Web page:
Santa’s Magic

The other night after Charlie had fallen asleep, Eddie turned to me and said the words I knew had to be coming soon, “Mom. Some kids at school say Santa is not real.”

Eddie is eight and in the third grade. I knew very well that kids talk and it wouldn’t be much longer before my super inquisitive buddy would have questions about the validity of Santa Claus.

“Well, Eddie, what do you think is true?” I asked him, a bit nervous of the answer.

“I think,” he said slowly, “that he is real because you and dad would never lie to us.”

A part of me winced, but I said, “It’s true, daddy and I will never lie to you. And Santa’s magic is very real. Do you know how I know that?”

“How,” he whispered with wonder.

“Because,” I said, “I can see it in you and your brother and sister. I can see the magic twinkle in your eyes when you think about Santa and when you love each other.”

“Why would kids say he’s not real then?”

“I don’t know. There are always going to be people who say this or that is not real. There are people who will say stuff we know to be true–like science–is  not real. And there will be people who have a hard time believing things they can’t see like God or Jesus are not real too. We just have to decide for ourselves.”

“And you think Santa is real?”

“I think Santa’s magic is very real.”

“Me too, Mom. Me too.”

This may be the last year that Eddie believes in the actual man, Santa. And that is Ok. As long as he never loses the Christmas magic that is love and gratitude and joy.

Stockings made by Great Gram Sluiter: Charles, Alice, Edward

The Year of the Frisky Santa and Freckled Lemonade

We don’t have a very good history with visiting Santa.

Eddie’s first try he was awesome…until he realized whose lap he was on.

The second time around was by far the most disastrous, but also quite classic. I blame Marvin.

Last year Eddie talked a big game, but when it was show time? He blanked.

This year he knew what Santa was about.  This year we had practiced what he was going to ask Santa for and how polite he would be to prove his “goodness” when the Big Guy asked about it.

However, leading up to the event if you asked Eddie if he was excited to see Santa, he would say, “No. I don’t yike his bee-yud” (that’s “beard” in 3.5 year old speak).

He did not sway from this.

As we stood in line he hung back a bit giving Santa the stink eye.

“What’s the matter, bud? Look how nice he is!”

“I don’t yike his bee-yud, mom.”

“You don’t have to touch his beard, hun.”

“Ok. Cha-yee will go with me?”

“yup. And I will too.”


Boy. I did NOT know what I was getting myself into agreeing to that.

When it was our turn, Santa gladly took a reluctant Eddie on his knee as I sat next to Santa with Charlie.

Please excuse the I-Worked-All-Day-With-Teenagers look I have going on.

Please excuse the I-Worked-All-Day-With-Teenagers look I have going on.

Moments later, Santa insists that I get on his knee too.  I offer to just give him Charlie, but he insists.  I look at Cort…who is just laughing poised ready to snap the picture when I climb up on that pony.

No, there was no organization to this.  We Sluiters enjoy flying by the seats of our long as those pants seats end up on Santa's lap. Wait. what?

No, there was no organization to this. We Sluiters enjoy flying by the seats of our pants…as long as those pants seats end up on Santa’s lap. Wait. what?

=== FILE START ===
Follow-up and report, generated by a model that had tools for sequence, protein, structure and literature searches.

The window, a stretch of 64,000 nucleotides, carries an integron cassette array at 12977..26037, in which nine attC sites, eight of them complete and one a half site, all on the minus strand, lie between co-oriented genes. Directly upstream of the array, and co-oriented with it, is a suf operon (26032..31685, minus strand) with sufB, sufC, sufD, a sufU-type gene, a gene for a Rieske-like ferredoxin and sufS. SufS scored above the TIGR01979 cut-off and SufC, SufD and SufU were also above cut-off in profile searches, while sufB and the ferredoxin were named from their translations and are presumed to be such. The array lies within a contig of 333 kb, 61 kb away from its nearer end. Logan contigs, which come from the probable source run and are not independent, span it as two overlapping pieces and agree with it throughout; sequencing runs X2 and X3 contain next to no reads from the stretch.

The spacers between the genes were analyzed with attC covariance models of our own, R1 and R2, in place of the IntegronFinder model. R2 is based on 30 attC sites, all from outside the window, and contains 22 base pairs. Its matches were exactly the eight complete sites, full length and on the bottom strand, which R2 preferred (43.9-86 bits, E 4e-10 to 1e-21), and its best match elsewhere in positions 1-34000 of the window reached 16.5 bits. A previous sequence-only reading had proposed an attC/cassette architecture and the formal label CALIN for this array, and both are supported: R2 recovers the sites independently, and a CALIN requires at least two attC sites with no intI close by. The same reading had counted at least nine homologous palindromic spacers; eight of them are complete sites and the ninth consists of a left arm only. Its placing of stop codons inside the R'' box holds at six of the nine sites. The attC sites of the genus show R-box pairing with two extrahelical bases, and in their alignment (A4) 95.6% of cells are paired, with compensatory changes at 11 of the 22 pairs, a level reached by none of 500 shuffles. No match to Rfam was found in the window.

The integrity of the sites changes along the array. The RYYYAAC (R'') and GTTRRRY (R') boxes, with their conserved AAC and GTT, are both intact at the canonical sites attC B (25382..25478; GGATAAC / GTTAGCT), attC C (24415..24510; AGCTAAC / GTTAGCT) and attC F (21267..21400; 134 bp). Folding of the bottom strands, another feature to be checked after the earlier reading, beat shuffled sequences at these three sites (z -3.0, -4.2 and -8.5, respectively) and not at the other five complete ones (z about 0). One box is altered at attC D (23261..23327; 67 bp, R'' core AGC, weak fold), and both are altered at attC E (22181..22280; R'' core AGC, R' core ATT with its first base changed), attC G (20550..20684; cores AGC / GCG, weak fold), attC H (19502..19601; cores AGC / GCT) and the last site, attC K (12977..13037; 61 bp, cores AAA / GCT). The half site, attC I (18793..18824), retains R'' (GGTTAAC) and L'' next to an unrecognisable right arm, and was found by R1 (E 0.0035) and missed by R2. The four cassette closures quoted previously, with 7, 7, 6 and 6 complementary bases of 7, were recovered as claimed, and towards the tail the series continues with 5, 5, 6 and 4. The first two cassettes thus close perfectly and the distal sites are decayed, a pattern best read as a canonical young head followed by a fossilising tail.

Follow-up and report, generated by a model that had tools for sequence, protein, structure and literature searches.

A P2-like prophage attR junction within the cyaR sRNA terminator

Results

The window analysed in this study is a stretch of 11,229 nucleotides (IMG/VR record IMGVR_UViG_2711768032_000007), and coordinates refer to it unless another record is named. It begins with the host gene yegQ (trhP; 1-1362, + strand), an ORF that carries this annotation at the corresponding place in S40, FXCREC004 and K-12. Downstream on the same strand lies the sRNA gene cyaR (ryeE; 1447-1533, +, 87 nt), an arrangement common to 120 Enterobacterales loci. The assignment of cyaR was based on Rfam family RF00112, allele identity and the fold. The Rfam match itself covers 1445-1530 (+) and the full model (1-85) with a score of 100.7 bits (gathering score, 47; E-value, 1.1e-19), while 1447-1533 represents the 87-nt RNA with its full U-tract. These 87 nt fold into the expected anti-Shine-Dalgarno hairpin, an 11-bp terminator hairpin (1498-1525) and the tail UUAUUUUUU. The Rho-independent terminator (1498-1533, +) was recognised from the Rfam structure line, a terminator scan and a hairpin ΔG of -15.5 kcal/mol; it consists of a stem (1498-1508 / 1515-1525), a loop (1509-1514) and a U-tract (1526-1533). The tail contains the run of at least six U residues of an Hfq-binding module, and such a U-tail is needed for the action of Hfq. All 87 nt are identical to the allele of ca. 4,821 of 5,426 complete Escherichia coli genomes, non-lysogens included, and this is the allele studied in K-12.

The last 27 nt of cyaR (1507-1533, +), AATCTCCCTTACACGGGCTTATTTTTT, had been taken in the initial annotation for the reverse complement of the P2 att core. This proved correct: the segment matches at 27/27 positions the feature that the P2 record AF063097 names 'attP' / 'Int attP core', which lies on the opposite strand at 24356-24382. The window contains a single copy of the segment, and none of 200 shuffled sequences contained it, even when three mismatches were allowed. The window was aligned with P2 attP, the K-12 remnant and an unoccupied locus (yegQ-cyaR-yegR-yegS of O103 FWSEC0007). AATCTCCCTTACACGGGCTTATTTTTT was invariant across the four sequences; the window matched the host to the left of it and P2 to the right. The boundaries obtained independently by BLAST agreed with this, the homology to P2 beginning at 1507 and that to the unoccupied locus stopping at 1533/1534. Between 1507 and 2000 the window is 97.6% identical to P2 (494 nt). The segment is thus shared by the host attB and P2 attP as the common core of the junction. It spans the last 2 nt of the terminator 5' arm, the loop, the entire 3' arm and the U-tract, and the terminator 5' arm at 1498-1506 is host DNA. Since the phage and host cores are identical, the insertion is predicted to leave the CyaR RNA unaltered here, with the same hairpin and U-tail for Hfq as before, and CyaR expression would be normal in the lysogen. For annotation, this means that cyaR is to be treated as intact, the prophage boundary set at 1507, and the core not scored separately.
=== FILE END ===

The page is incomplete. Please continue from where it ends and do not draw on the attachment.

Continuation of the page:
Oh…and the conversation between Santa and Eddie was absolutely too riveting not to share:

Santa: What is your name?

Eddie: Eddie

S: How old are you, Eddie?

E: Three.

S: Have you been good this year, Eddie?

E: I don’t know. Yeah.

S: Well what would you like Santa to bring you for Christmas this year?

E: I don’t know.

S: what is your favorite toy right now?

E: I don’t know.

S: What do you think your baby brother would like?

E: I don’t know.

S: How about your mom and dad?

E: I don’t know.

S: Well you are all in luck!  We made extra “I don’t knows” this year!!! Lots to go around!

It would have gone on like this forever had I not excused myself from Santa’s lap and told Eddie to tell Santa thank you.  Then Santa sent Eddie on his way with four mini-candy canes. One for each of us (so really four for Eddie).

All of a sudden Santa was Eddie’s fricking BFF.  He wanted to go back and “do it again.”

But we persevered and headed to our annual post-Santa meal at Red Robin.

(Sidenote: when I say “annual” I mean we did it last year so we figured we would do it again this year, hence it is now annual.)

When we pulled into the parking lot, Eddie said, “We get to go IN?”

Apparently we don’t get out much.

Also? Both Cort and I obsessed over what we would order ALL DAY.

Yeah, no. We don’t get out much AT ALL.

mmm. freckled lemonade for the win!

mmm. freckled lemonade for the win!

Eddie ordered his own meal, ate the whole thing, peed on the potty, and used his manners.

And said, “Thank you mom. Thank you so much dad. I YUV dis place!”

We may not get out much, but least when we do? We make it count.

Santa! The Big Man! The Head Honcho!

Last year, this happened with Santa.

Thank GOODNESS Marvin wasn’t working the Santa gig last night.


Eddie was still wary.  It’s like he blanked.

don't bother me...I'm...thinking.

Like most kids, he is very excited about the idea of Santa.

But when faced with the Big Man himself?'s a football?

Alas, Eddie didn’t have much to say to Jolly Old Saint Nick.

But he was nice, and gave Eddie a candy cane and told us all to be good.

luckily Eddie was not told he would shoot his eye out.

And Eddie avoided eye contact the whole time.

Until we were out of Santa’s “lair”.

Then he was all talk about how much he likes Santa.

Go figure.

How are your kids with Santa?

 Creative Kristi Designs